At the bottom of the next fjord was a town of 200 souls, the most civilization that I had seen all day.  Great, they had a gas station, since through all of this I had also been almost out of gas.  And the road to the next fjord was over a low spur, so I just had to deal with blessed cold rain.

I made it to the hostel, which in an old farmhouse at the head of a fjord.  It was 37 degrees at sea level when I arrived.  Today it is much colder, much windier, and the sleet is pounding against the window.  Friggin' August.

But they keep it nice and warm.  And I have survived again.  Just too bad I can't go outside and enjoy the beautiful fjord.

Monday, August 26, 2013

Counting Countries

Visiting strange countries is like walking on a roof.  The main thing is getting past your fear of getting there.  Once in position, you acclimate pretty quickly.

But I no longer trust my legs enough to get up on roofs.  After all, at my age it's one fall and it's over.  So, the question naturally arises, why do I keep on traveling to uncomfortable places that no one has ever heard of?

The short answer is that I trust my mind more than I trust my legs.  But that's kind of disingenuous.  After all, I still need my legs (and my back) to lug my luggage around.  Besides, although horribly poor and/or quasi-dangerous places aren't that much of a problem if you have your wits about you, you do still need to have your wits about you.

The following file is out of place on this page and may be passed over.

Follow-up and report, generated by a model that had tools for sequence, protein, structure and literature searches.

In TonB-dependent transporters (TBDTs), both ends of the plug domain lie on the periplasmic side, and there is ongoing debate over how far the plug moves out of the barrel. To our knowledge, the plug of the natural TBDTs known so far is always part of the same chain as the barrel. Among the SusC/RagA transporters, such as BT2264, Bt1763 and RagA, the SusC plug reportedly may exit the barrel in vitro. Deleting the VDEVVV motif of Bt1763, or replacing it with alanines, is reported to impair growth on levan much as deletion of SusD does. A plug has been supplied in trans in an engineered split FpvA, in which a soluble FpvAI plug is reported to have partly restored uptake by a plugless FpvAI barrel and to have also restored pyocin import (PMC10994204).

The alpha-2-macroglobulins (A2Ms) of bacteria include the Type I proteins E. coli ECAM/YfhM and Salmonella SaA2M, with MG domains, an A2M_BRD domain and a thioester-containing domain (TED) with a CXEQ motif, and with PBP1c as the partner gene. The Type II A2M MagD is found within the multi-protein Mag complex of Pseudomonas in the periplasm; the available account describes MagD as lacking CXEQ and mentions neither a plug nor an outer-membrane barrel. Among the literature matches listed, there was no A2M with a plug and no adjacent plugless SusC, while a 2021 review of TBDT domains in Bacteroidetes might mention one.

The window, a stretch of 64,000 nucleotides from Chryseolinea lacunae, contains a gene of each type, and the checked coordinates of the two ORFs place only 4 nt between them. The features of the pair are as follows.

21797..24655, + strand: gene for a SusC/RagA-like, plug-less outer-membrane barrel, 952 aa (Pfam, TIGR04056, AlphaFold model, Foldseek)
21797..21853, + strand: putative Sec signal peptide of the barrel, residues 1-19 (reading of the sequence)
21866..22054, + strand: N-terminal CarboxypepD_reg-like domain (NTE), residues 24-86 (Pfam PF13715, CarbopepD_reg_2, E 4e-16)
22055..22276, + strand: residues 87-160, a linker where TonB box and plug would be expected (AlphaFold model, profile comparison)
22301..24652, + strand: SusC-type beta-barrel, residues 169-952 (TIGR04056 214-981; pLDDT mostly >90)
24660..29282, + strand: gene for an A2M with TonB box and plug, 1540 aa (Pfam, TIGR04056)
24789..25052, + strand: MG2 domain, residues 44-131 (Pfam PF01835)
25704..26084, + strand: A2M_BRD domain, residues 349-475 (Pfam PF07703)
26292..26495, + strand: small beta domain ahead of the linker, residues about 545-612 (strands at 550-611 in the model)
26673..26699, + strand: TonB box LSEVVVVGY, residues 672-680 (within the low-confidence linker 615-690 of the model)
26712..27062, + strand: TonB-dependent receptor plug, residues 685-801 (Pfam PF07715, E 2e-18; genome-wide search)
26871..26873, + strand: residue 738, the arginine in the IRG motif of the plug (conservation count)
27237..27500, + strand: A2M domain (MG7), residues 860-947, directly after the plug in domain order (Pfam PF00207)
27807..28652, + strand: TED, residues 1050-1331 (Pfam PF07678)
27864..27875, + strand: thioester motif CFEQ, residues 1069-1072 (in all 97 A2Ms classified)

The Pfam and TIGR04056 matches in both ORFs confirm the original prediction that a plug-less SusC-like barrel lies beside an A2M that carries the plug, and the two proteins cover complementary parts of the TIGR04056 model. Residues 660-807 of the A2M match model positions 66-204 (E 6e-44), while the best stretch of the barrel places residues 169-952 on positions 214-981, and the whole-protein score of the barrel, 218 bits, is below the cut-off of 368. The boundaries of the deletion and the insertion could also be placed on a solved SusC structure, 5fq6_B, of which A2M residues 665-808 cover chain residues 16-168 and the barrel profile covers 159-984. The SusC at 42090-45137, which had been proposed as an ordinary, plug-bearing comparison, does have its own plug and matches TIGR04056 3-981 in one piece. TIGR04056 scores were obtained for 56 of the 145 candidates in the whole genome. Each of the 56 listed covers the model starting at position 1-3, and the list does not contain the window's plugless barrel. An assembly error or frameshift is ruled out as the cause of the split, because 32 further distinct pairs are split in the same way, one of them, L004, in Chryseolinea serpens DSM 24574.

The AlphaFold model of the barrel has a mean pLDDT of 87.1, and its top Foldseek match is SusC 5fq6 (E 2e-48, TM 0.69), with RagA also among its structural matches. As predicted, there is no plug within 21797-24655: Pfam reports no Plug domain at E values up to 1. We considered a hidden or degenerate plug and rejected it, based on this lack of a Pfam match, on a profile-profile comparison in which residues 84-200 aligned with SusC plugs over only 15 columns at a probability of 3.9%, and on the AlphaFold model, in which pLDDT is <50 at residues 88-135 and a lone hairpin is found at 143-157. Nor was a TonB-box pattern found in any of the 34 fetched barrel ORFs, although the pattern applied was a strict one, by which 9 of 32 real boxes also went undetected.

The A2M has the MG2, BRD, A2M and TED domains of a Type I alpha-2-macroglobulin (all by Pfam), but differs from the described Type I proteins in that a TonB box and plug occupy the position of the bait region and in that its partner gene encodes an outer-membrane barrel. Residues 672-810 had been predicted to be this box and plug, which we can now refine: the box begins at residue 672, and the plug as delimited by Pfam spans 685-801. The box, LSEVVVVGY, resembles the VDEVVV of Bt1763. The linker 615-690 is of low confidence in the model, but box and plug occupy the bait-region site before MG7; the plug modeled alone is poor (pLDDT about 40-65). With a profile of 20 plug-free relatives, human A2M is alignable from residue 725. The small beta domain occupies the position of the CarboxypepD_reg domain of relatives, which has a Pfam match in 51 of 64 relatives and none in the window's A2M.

Which leads into the next answer: I keep doing this in order to see if I can keep doing this.  (Which begs the obvious question, How do you extricate yourself when you discover that you can't keep doing this?)

But I think the most compelling reason I have is that, in this totally insane, all inclusive post-modern world that we inhabit, going to the ends of it is the best opportunity to have at least a moment of clarity about it.

Because back in the Sixties virtually everyone this side of the Young Republicans understood that the System was a failure.  The only argument was what was anybody going to do about it.  Flash forward to nowadays when everybody knows that the System is totally bankrupt.  Yet it is so all encompassing and we are all such a part of it that now we are all victims of the Fear That Dare Not Speak Its Name.